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Doing ‘something’ does not guarantee improvement – it has to be the ‘right’ thing

Doing ‘something’ does not guarantee improvement – it has to be the ‘right’ thing

Too often, seemingly simple improvement interventions are implemented without fully considering how the intervention might achieve the desired results, whether it can cause harm, or whether a different intervention should be considered. The tendency to favour rapid solutions and implementation over longer-term analysis and measurement represents a common pitfall in quality and safety studies.  

Quality improvement and patient safety (QIPS) studies often omit the critical details underlying the success - or lack thereof - of improvement interventions. In part due to the perception that simple interventions do not require rigorous measurement. Reported measures often solely focus on the outcomes rather than the mechanisms and processes that led to the outcomes.

It is not uncommon in human services to see ‘solutions’ implemented in the name of ‘improvement’, that are based on little more than what staff think will work (often without apparent knowledge of how such an intervention might work), what other elements of the intervention might be needed and what unintended downsides might be incurred.

Without an understanding of why and how an intervention might be successful, even apparently simple interventions may prove difficult to implement and ineffective at improving patient care. Thus wasting time and resources, and adding fuel to the fire of staff claims that ‘we tried it and it didn’t work.’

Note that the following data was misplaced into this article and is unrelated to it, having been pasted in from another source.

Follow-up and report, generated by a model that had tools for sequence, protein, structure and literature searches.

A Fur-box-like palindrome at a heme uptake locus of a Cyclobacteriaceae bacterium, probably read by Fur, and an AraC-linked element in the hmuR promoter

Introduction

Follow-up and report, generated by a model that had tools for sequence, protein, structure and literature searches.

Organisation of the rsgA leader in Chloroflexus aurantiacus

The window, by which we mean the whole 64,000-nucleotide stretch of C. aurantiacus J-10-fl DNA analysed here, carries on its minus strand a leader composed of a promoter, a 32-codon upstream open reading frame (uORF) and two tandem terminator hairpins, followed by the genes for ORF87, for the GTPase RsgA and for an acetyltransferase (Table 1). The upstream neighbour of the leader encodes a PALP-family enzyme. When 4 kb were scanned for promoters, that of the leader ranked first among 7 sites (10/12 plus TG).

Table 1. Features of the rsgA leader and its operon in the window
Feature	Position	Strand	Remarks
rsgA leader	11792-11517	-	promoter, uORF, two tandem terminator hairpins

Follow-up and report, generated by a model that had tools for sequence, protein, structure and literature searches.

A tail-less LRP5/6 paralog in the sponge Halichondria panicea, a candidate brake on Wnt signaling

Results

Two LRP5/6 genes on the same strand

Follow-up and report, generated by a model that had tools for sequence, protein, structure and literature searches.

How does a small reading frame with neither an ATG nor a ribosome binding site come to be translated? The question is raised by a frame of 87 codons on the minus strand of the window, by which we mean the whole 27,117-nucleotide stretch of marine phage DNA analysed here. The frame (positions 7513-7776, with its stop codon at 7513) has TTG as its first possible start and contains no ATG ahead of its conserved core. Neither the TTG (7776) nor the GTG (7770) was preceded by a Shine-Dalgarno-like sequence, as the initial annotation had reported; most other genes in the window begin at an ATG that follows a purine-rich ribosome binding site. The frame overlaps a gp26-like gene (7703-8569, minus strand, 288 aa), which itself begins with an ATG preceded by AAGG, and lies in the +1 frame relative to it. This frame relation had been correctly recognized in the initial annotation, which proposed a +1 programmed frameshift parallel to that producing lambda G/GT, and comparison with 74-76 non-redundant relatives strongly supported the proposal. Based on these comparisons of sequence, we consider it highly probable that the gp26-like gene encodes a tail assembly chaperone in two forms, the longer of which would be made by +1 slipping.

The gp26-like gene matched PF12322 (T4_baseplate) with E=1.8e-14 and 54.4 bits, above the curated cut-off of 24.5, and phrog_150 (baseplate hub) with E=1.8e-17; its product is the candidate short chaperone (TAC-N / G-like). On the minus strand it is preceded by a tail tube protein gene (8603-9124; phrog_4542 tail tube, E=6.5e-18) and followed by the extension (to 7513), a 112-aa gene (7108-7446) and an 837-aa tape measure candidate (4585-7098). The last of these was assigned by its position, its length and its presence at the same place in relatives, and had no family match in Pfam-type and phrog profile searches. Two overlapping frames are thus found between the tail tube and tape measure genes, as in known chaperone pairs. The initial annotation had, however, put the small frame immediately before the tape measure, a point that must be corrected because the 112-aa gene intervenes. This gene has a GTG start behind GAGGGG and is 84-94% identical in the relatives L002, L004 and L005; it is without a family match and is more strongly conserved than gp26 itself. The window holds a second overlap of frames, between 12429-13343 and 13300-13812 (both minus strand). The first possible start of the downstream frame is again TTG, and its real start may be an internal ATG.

The authors suggest ‘five golden rules for measurement to get improvement started in the right direction:

Rule 1:

Know why your change might achieve the desired results

Rule 2:

Identify process measures to measure uptake of the change – are staff/consumers doing things in the new, ‘improved’ way?

Rule 3:

Measure the impact of the change – is it fixing the problem?

Rule 4:

Identify a meaningful and practical lag time between intervention and effect —how long will it take before the change improves outcomes?

Rule 5:

Anticipate unintended consequences—what can go wrong?

All accessed 17/8/23:

Etchells E, Trbovich PFive golden rules for successful measurement of improvement.  BMJ Quality & Safety Published Online First: 23 June 2023. doi: 10.1136/bmjqs-2023-016129.